Our sales training was primarily self-paced and online from the start but there was supposed to be a week of in-person training that had to be changed. I would say, given the timeline, that it was adapted very appropriately. That being said, I don’t think it will work out in the long term. As companies “come out of their shells” and begin trying to return to normal with hiring and onboarding; having a week long online training is going to generate huge amounts of data and require a lot of bandwidth (meaning mental and actual bandwidth). To be fair, these are the similar issues that will come up with a week long onsite training session but you generally see better results when everyone is in the same room and you can ensure no one is multitasking. So with that in mind getting worse results with similar problems is not a great choice for longterm virtual onboarding. We will go into the pros and cons of virtual onboarding versus in-person onboarding next week but for now I will pass it over to Cam for his take.
In January I was riding high on getting my dream job at Red Hat and even though Orientation made my head spin for a week I was enjoying the process in a way that was more akin to excitement than stress.
After about a month I also met Cody who was an amazing brother in arms for onboarding. His more organized mind helped balance out me constantly biting off more than I could chew. Things after about two months were looking up and the future seemed bright indeed.
But everything changed when Covid hit.
In one moment there were no more in person ping-pong matches at 3pm, no more grabbing coffee in the morning together and no more dinners in Raleigh with everyone when we had our monthly team meetings. Everything stopped and in one moment we all held our collective breath for what would happen next.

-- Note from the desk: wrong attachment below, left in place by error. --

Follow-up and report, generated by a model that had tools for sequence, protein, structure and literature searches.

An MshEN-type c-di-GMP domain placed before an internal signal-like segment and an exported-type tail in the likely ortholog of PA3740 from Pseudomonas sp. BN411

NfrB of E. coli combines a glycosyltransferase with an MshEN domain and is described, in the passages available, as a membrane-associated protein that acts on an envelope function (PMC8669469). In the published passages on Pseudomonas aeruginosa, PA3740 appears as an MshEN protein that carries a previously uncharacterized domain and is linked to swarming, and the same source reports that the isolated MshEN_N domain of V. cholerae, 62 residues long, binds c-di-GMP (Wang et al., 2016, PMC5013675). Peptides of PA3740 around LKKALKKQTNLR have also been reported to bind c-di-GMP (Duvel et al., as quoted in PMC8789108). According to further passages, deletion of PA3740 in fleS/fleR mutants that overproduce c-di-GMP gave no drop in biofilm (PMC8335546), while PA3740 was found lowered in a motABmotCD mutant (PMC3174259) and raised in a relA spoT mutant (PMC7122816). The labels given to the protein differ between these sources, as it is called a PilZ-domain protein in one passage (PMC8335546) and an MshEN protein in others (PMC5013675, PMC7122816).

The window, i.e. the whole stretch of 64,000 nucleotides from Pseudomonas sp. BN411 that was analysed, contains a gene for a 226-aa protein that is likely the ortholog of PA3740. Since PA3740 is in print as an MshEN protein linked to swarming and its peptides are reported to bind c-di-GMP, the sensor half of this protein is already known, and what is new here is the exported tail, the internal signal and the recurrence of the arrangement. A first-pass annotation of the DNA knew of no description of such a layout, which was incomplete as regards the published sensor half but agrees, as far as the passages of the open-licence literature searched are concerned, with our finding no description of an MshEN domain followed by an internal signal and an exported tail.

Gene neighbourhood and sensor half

The closest feeling I could compare it to would be like erasing a markerboard session you’d been working on for months and then being told to start over from scratch. To put it simply it was demoralizing but we are Red Hatters after all and we don’t let a little thing like a 100 year virus keep us down long. So we got busy.
Virtual onboarding was now the path forward and like Cody said the heroes who were in charge of converting our in person sales onboarding class into a completely virtual affair did a herculean job. One thing they provided was energy and optimism in the face of an adverse situation. That’s not something unique to Red Hat but it is something I’ve noticed exists in droves here and goes a long way in times like these.
Cody mentioned that onboarding is a much longer process than orientation and relevant training and naturally he’s right. It’s about making the company a part of your daily life. That means making friends, setting goals around the new job and celebrating reaching those goals with the people you care about (probably those new friends).
We can’t really have that the way we used to but that doesn’t we can’t have it at all. If anything we can grow in learning that those are what turn a job into a passion. It’s the human touch that’s been taken from us in the time of Covid and that human element is most important early in your first couple months of to year of a company.
Remote is a lot easier when you’ve been out for Tex-Mex and drinks with the people you are on a zoom call with. The quality of communication and warmth in the conversations are notably different than someone you have only ever known in two dimensions. But fear not! Cody and I have been figuring out the best ways to navigate those issues and more. Look for the next post where we break apart Pros and Cons of all the ways onboarding for us has changed things.